LONGNECKER: His foot was -- his leg was grossly unstable in the operating room once his splint was off right. So right after the injury, it was...

COFFEY: Basically, the only thing that's holding his foot on is his skin and some muscles. Both of the bones, as you can see, are disconnected. So he's unable to bear any pressure. So any of the controls of the plane that required the use of his right leg, he was unable to do.

QUESTION: The word "miracle" comes up, Doctor. In your profession, do you look above for a helping in some cases?

COFFEY: Personally, I do.

LONGNECKER: Every day.


QUESTION: How many gunshots are there -- any idea?

COFFEY: I would suspect that -- you can't reconstruct the event. I would suspect that there was one to each side. Again, not knowing how he was positioned at the time, I don't know. But that's really a moot point. They are there. We need to take care of them as best we can.

QUESTION: Are there any other injuries he's being treated for?


QUESTION: Any idea what the caliber of the gun was? (OFF-MIKE)

COFFEY: No. All we have are metal fragments and other projectiles.

QUESTION: Were you able to get all those fragments out?


LONGNECKER: That's not a normal required part of the procedure. We want to get the bone cleaned and get the debris out. But the metal itself doesn't pose any long-term problem.

COFFEY: There is a very low risk of infection from the other pieces of metal. And, as you can see on the picture on the left, in order to get all those little pieces out, we create a much larger injury than he has.

QUESTION: You mentioned that it's going to be at least a year probably before he's able to walk around pain free. Will he be able to walk around like he did before this happened?

COFFEY: It is certainly our hopes and our expectations.

QUESTION: Will he be going through everything here: the surgery, the subsequent surgeries? I would think there would be a lot of rehab involved...


QUESTION: ... for something like this.

COFFEY: Everything will be done here.

QUESTION: Mrs. Donaldson, you will be not be going to back to Peru in (OFF-MIKE) future.


QUESTION: (OFF-MIKE) I mean, is that something -- I mean, when the surgeons are finished, are there facilities in Iquitos where he could go to with his rehab -- the same...


QUESTION: Can you tell me a little bit about the splint when he arrived, how that may have helped you guys as far as (OFF-MIKE) When did he get the splint when he was down there? What was the time frame?

COFFEY: I am going to defer that to Mrs. Donaldson. When did he have his splint put on?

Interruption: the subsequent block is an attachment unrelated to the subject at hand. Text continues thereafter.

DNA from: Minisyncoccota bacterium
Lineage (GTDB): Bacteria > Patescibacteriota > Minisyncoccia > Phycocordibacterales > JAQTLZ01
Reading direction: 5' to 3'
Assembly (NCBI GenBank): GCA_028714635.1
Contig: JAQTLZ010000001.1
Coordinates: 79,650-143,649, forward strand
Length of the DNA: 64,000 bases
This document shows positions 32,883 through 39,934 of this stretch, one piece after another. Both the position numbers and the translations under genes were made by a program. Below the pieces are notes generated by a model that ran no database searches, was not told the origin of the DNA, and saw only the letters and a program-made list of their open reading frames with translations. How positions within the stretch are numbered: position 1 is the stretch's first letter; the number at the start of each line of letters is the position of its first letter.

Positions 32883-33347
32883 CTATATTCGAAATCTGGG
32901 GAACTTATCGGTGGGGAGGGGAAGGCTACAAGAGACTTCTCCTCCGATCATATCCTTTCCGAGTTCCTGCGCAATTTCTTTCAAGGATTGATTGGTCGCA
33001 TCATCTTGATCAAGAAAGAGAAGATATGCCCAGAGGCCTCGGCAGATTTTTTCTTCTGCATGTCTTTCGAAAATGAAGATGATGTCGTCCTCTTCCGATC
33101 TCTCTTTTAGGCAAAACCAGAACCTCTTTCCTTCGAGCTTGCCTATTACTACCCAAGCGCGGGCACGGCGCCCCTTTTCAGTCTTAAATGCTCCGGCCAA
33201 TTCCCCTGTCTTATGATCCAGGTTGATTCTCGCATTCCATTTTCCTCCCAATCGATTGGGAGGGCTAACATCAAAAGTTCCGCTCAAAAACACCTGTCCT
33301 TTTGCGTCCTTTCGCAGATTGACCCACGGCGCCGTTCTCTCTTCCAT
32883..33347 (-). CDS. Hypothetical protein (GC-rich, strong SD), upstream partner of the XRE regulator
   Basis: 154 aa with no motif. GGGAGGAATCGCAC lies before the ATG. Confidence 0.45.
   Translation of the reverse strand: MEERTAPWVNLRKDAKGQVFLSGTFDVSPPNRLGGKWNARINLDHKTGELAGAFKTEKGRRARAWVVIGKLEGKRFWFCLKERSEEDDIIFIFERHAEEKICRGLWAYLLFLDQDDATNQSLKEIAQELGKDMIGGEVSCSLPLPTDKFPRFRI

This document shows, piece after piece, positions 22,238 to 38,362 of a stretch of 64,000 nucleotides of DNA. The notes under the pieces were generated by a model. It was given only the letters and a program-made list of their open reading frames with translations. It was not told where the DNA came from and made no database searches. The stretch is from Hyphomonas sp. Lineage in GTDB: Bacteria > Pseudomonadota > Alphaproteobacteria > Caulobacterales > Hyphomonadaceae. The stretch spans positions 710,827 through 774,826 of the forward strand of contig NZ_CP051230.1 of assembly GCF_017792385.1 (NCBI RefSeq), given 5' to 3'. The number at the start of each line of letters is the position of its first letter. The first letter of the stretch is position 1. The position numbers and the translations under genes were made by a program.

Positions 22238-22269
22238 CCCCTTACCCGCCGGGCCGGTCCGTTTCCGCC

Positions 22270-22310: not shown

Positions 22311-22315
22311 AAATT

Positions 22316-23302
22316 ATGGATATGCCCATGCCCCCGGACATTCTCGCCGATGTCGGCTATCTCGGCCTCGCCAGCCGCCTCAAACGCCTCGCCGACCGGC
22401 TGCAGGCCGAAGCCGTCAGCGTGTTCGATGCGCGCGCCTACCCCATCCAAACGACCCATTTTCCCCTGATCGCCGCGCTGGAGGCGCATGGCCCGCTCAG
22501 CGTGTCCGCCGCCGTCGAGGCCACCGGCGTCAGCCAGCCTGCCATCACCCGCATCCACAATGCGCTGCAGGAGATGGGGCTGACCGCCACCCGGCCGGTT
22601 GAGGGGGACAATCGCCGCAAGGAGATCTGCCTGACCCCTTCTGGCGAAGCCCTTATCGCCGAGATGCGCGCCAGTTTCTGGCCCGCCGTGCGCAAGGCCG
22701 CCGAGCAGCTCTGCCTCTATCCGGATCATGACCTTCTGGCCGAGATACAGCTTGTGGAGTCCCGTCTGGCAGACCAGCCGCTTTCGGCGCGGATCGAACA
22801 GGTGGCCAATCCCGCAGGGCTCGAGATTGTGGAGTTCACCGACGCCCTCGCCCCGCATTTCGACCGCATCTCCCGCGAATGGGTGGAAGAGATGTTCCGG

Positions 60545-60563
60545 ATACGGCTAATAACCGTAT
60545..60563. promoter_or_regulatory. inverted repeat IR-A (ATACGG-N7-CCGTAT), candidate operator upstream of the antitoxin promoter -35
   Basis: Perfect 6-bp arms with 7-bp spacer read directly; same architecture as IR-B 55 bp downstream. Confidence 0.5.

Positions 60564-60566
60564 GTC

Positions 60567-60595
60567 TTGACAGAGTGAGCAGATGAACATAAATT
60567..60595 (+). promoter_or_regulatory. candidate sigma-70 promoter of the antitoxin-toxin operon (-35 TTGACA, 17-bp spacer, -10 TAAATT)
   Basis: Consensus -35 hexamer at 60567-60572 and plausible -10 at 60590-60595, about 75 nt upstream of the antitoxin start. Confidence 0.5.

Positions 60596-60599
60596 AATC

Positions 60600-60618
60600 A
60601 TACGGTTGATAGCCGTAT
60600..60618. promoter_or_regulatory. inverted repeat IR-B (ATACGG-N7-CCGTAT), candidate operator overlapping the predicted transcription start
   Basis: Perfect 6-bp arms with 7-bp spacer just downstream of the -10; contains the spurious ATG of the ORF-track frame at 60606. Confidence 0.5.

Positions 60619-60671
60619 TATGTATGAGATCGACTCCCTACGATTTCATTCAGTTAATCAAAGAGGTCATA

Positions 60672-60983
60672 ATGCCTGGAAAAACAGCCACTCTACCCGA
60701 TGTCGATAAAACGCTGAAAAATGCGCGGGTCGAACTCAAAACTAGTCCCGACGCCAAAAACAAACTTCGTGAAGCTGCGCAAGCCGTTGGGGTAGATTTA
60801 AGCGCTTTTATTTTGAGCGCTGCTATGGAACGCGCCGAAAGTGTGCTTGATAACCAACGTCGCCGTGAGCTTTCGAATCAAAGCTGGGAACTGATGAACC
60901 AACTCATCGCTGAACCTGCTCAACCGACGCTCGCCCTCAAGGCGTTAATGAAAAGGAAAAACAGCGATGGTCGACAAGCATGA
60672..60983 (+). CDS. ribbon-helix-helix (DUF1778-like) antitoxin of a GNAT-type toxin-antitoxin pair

DONALDSON: He had the first splint put on on Friday afternoon. The accident happened about 11:00 in the morning. And he kept that one on until Saturday afternoon, where he was treated by a surgeon, and the wound cleaned, and a new, stronger splint put on, because the first one was pretty flimsy. And that one was rewrapped in Lima. And then it was rewrapped in Houston. So it was like one of those presents you have to get all the way into.


DONALDSON: But the splint was put on Saturday afternoon in Iquitos.

QUESTION: And how did that help with (OFF-MIKE)

LONGNECKER: It was -- the splint was just to make him comfortable until he got here. That was just a temporizing measure. It didn't help or hurt us. But the wound looked relatively clean, much better than we thought when we got here, because Kevin endured. And I think we brought into the hospital and right to the operating room. But he told us the two other surgeries and debridements that he had done were not with anesthetics.

FRAZIER: We have been listening here to a medical briefing from the surgeons who have operated on Kevin Donaldson at West Reading Hospital in Pennsylvania -- Donaldson the pilot of that plane that was shot down by Peruvian authorities over the Amazon River before the weekend began.

Let's just recap and explain what happened to him and why he needed all this surgery. Mr. Donaldson was a pilot. And he was carrying four other people in addition to himself on board a plane like this one into the Amazon River Basin. They were all Baptist missionaries engaged in work in that part of the world. Their plane, their flight was tracked by an American surveillance plane, which is on station there to help Peruvian authorities attempt to interdict drug flights.

And they notified authorities that the plane was in the air. The Peruvians scrambled an interception -- interceptor flight. The Peruvian plane asked Donaldson to identify himself. And the Peruvians say he did not, and so they began to shoot at the plane. wounding Donaldson in the leg -- as you saw there, some details of the physical injuries he suffered -- and forcing him to land the plane -- crash- land it, actually, in the Amazon River.

It caught fire once it was down. The most tragic part of the story is that the initial firing by the Peruvian plane killed two of the people on board, an American, Veronica Bowers -- pictured here -- and her young daughter, who was, at the time of the flight, seated on her lap, much as she was in that first photograph we saw. And they were both killed, apparently, while the plane was still in the air. The plane went down. Then it tipped over in the water. And Donaldson, despite his injuries, was able to help extricate all of the people on board from the plane upside down underwater.

And so he was key to keeping alive Ms. Bowers' husband, Jim, and her first child -- her oldest child, Cory, who is about 7 or 8 years old -- so three survivors in that flight, including the pilot. All of the survivors have been returned to the United States for medical care. As we heard there, Mr. Donaldson's care is going to take about a year moving forward. And all this happens against the backdrop now of both White House investigations and State Department investigations into the role of that CIA-chartered surveillance plane and the interchange between that plane and the Peruvian pilots, which are moving forward as we speak.

We will continue to monitor those events at that briefing at Reading Hospital and Medical Center. We will bring them to you if there's any other significance development.